“I don’t know why the OSPCA seems to be sputtering,” said Brunner.
Luckett said he has allowed the OSPCA to look at the horses twice within the last three weeks. In fact, on Dec. 3, while the Advertiser was visiting the 8th Line property, OSPCA agent Vicki Crocker was also on the scene.
When asked for a comment, Crocker replied, “There’s nothing to talk about.”
When Luckett said both he and the OSPCA are getting sick of the complaints about the horses, Crocker smiled and nodded in agreement.
Asked later about the OSPCA’s involvement, Luckett said, “It’s not an open investigation, it’s an open file based on all these complaints.”
OSPCA marketing and communications manager Alison Cross confirmed that assessment on Dec. 4.
“There’s no open investigation at this point in time,” said Cross. She explained the OSPCA had an agent visit the property in response to several complaints and the organization also sought the advice of an equine veterinarian who is an “expert” on horse health.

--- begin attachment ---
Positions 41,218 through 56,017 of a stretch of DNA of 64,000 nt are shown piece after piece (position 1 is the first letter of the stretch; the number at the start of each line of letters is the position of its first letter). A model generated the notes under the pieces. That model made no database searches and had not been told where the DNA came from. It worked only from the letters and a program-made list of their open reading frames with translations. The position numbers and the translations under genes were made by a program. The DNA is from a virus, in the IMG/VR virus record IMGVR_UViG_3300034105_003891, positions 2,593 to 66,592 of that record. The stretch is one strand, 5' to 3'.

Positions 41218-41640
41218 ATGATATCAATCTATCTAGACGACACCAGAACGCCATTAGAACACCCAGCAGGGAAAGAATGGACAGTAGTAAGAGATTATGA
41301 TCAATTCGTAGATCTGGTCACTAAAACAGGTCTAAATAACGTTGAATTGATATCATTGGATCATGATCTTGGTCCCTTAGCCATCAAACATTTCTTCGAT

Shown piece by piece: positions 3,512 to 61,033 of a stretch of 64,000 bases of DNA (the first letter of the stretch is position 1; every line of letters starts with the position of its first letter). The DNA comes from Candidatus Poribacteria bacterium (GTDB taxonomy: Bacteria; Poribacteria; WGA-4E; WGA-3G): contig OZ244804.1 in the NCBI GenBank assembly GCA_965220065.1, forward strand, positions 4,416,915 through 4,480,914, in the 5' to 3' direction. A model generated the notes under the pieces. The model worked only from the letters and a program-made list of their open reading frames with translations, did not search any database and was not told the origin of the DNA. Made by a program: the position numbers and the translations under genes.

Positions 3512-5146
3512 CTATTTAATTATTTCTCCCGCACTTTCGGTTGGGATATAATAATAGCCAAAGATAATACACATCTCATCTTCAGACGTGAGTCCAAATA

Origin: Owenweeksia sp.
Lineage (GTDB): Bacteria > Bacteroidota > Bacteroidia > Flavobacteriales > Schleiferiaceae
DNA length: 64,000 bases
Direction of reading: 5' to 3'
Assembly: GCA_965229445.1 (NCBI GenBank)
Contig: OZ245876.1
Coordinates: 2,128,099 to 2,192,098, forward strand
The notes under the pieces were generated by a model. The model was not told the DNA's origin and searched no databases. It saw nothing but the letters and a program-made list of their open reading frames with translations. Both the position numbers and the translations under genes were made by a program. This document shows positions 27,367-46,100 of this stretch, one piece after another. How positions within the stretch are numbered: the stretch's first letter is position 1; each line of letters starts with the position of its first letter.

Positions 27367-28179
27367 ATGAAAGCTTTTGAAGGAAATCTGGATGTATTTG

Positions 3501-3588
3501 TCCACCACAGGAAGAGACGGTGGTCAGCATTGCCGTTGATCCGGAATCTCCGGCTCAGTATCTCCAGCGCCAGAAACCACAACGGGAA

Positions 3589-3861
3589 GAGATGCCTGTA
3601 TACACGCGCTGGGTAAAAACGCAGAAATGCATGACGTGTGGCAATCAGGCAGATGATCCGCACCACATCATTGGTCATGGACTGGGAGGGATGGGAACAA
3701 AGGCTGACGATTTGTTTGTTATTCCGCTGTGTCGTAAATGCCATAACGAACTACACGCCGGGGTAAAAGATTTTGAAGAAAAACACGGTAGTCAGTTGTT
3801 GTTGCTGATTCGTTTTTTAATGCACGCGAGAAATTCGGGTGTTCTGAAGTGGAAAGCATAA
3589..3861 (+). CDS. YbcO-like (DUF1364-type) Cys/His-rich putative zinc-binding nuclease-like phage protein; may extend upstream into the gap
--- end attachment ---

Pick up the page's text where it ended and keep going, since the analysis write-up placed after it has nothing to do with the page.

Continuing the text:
“Our duty has been fulfilled,” Cross said.
Luckett said he has sold seven of his horses and the remaining 23 are in fine health.
“A lot of what goes on is more fussing than fact,” Luckett said of the complaints from others. “The nonsense will drive you crazy.”
Several locals have suggested there are two reasons the OSPCA has not taken action on the horses: the organization may fear further legal action from Luckett, who admitted he is suing the organization in relation to a 2010 incident, and Luckett has moved as many as 10 of the horses in the worst condition to other farms.
Luckett said he has six horses on a special diet, but denies he has moved any horses, as does Wendy Swackhamer, who works with Luckett and has been accused by several people of housing some of his horses.
“We’re not hiding anything,” Swackhamer told the Advertiser. She said she worked for Luckett in 2005 at a tack shop he owned and considers him a family friend.
“I am the one helping these horses,” Swackhamer said.
As for legal proceedings against the OSPCA, Luckett said he has filed a $2-million claim against the organization, as well as a $600,000 claim against the Ontario government, in relation to the 2010 seizure of 32 horses from a different property in Adjala-Tosorontio Township.